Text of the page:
Typically students are taught how plants take on board DNA from their parent ovule and pollen to create a new diploid (two chromosome) plant. They generate new haploid (one chromosome) ovules and pollen and these travel to form new plants. So the cycle continues, alternating between generations of one or two chromosomed organisms.
Reality can be a lot messier. For example, what happens if the wrong pollen fertilizes an ovule?
Usually nothing, but sometimes the genetic code is close enough to produce a hybrid, a cross between the two parent plants. On other occasions instead of getting one chromosome from each parent, the plant gets more becoming an allopolyploid, with genes to spare.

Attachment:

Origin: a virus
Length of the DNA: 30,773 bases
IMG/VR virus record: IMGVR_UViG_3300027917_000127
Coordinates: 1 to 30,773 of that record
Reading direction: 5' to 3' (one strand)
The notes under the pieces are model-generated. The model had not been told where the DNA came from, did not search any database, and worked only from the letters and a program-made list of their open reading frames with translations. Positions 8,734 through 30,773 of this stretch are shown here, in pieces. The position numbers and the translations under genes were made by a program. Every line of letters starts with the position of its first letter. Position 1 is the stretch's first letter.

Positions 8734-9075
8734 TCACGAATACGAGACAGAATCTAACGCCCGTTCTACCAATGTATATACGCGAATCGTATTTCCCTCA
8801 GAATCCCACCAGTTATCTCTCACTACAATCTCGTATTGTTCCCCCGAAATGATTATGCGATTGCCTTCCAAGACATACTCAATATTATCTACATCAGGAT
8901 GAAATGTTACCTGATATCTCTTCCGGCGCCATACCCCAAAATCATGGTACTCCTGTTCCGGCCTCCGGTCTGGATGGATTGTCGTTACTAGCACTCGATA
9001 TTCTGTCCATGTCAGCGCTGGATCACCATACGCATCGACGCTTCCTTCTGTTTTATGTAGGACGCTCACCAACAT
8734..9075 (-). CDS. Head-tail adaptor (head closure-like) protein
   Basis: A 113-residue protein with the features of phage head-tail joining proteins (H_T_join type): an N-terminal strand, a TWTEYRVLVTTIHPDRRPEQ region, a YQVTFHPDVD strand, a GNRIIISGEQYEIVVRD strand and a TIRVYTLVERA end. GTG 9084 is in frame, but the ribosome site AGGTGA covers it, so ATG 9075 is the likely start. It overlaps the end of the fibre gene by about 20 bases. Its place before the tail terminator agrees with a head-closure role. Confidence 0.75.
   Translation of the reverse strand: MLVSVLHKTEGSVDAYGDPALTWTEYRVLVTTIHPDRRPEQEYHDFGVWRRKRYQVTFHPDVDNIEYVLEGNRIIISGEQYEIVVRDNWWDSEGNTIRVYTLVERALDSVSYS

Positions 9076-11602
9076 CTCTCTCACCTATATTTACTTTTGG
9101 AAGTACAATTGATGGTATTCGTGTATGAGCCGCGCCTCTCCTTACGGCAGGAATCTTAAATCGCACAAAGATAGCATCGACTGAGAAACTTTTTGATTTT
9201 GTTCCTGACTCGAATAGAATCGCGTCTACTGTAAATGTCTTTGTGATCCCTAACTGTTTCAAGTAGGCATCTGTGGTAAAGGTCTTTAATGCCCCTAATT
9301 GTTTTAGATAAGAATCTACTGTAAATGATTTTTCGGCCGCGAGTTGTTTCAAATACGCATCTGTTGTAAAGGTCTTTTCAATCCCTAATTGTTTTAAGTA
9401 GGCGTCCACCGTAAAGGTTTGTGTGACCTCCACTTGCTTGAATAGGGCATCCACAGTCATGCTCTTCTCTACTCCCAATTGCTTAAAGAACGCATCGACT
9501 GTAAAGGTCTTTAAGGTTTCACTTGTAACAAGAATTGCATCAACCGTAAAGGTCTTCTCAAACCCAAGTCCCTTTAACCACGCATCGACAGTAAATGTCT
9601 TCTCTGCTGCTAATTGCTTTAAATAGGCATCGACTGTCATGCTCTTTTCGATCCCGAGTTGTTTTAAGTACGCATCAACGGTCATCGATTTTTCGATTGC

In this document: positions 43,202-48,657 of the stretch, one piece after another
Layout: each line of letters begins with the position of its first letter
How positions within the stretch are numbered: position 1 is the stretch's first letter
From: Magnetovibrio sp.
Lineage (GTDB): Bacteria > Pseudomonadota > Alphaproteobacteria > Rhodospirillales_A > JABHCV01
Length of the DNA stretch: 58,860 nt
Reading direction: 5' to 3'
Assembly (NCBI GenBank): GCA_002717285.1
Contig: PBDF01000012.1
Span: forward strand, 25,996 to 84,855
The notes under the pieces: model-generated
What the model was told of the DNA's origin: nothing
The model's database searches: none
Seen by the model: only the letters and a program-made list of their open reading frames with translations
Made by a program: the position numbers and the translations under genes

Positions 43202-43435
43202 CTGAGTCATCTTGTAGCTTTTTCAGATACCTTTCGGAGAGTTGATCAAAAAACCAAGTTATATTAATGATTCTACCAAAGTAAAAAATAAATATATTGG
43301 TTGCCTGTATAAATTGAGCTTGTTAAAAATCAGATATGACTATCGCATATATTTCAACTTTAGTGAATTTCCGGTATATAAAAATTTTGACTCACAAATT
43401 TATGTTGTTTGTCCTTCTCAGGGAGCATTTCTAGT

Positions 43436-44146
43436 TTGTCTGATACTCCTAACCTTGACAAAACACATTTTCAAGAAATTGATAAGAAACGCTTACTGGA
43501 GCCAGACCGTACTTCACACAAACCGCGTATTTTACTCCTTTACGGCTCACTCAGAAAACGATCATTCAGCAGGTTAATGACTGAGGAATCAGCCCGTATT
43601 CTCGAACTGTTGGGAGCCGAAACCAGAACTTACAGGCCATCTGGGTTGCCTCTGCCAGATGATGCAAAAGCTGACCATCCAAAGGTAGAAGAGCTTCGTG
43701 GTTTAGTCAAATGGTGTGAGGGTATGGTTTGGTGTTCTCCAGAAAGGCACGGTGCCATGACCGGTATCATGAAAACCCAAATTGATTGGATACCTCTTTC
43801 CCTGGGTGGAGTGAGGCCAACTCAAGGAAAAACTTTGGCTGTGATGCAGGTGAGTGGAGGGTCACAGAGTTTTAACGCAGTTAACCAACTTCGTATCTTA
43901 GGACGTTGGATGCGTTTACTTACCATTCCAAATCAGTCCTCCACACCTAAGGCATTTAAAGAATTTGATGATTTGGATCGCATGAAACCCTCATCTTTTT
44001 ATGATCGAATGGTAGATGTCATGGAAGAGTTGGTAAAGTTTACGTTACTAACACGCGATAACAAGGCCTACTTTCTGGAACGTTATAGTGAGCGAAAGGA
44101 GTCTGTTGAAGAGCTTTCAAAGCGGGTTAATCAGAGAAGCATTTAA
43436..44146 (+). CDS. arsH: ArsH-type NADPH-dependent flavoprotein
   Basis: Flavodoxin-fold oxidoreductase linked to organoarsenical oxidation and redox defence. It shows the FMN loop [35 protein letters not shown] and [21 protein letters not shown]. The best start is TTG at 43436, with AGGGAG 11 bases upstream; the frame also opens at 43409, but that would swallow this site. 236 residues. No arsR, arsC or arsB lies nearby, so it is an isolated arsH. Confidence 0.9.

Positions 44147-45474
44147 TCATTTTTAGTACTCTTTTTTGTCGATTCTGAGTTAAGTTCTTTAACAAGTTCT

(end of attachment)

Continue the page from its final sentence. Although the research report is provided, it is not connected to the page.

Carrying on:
In ordinary practice, a plant can inherit a mix of dominant and recessive versions of genes, known as alleles. In an article in New Phytologist, Kevin Bird and colleagues look into how a whole genome, or rather sub-genome, can become dominant when a plant hybridizes.
Getting to grips with the genetic mechanics of hybridization could be of great value. The authors write: “Knowing if a subgenome will become dominant or recessive may allow breeders to better predict which crosses will yield desired traits. Alleles associated with favorable agronomic traits may be masked if they are introgressed into a more dominant genome background, or undesirable alleles may be unmasked from a newly dominant subgenome.”